Tuesday, July 08, 2008

Doing Others' Homework, Part III: Philippians 4

(Third in a series. I'm writing meditations on Scripture for people at my church who did not do their homework for a booklet to be published in - house for Lent 2009. If the person does come through before we go to press, I guess no one will ever read this except on the blog.)

WEDNESDAY, April 9

Phil. 4:1-13 Finally, brethren. . .

Like a suspenseful movie, our lectionary puts all the good guys in jeopardy as the violent climax approaches. Night is coming on in Jerusalem, as Jesus foretells his imminent death. Meanwhile, facing death in prison, Paul writes what might be his last words to his friends in Philippi.

What wonderful last words! Even incomplete phrases from Paul's final chapter bring to mind whole sentences and songs: Rejoice in the Lord always. . . Have no anxiety about anything . . . the peace of God which passes all understanding. . . whatever is true, whatever is honorable. . . I have learned, in whatever state I am, to be content . . . I can do all things in him. . . His words carry affection, gratitude, and encouragement, even today.

There is no moment in a movie more certain to make us cry than when a character, dying, says what has been in his heart all along, but he never had the courage to say it. In some movies the feeling is worse, because the words are spoken over a grave, or they arrive in a message, too late.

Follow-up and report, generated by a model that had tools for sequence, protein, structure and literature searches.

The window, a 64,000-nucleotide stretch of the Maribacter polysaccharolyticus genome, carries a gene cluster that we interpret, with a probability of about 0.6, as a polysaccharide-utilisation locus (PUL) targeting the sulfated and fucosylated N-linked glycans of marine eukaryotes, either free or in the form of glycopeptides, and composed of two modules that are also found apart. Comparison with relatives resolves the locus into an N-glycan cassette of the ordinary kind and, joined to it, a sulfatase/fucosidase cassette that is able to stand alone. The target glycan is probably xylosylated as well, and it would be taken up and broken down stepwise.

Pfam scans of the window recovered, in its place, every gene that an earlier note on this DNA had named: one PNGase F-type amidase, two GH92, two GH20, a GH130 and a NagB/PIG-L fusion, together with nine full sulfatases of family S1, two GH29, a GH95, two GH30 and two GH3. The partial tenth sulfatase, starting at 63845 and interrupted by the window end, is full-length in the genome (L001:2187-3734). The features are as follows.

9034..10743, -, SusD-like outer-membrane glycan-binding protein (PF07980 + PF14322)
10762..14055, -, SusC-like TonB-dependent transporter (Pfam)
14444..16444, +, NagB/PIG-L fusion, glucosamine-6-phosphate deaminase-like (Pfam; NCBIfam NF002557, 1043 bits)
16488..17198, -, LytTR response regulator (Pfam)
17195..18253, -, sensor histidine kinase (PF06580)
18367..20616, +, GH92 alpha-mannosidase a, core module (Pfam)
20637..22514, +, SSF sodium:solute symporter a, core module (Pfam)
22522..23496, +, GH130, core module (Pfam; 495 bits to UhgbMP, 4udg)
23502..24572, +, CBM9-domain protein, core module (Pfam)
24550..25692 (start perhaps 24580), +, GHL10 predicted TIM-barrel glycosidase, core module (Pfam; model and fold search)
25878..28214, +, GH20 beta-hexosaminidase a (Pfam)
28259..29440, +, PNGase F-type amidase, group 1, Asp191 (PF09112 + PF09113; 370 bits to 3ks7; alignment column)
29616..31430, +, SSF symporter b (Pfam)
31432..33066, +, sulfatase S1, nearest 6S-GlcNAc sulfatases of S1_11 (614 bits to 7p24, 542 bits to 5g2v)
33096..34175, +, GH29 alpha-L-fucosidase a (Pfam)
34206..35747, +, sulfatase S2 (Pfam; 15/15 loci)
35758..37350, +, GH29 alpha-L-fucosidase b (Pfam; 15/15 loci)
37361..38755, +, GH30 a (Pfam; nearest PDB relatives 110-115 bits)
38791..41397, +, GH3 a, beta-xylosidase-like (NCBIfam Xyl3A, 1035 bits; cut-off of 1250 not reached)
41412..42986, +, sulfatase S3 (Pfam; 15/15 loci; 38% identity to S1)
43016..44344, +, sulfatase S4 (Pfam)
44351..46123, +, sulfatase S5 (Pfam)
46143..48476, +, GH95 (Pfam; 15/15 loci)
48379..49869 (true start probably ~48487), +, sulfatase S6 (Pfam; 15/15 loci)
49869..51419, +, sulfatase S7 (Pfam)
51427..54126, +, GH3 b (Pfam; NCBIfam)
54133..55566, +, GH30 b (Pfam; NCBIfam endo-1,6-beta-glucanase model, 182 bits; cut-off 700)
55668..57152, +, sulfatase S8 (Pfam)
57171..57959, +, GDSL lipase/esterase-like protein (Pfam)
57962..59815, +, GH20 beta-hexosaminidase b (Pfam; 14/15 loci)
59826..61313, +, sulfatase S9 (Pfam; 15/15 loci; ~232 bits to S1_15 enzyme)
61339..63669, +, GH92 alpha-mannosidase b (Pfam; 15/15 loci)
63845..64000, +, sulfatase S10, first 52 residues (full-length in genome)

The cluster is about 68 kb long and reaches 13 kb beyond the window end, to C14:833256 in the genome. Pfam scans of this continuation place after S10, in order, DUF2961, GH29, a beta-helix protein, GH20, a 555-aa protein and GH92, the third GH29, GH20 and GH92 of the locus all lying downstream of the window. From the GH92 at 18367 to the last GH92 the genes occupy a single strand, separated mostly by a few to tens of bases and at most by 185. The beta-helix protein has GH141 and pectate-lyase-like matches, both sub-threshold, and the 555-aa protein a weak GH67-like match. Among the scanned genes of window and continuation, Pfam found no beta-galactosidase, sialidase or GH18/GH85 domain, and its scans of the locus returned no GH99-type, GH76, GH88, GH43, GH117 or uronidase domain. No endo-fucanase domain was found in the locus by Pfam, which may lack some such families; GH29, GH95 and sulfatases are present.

The first person I met at St. James was an elderly woman with stooped back and twinkling eyes. Though hampered by a walker, she directed me from the foyer around two corners to the sanctuary down the hall. For the next several weeks, she greeted me warmly. During services, she smiled at the music, laughing easily. And then she stopped being there. I'd never introduced myself by name; I never knew hers. Did she have family? Could she have used help? Could I have eased her final illness?

Let's be more like Paul, and live every day as our last, without fear. When you're not afraid to die, then you're not afraid to live.

(P.S. The last line comes from a comedy number in Stephen Sondheim's score for THE FROGS.)

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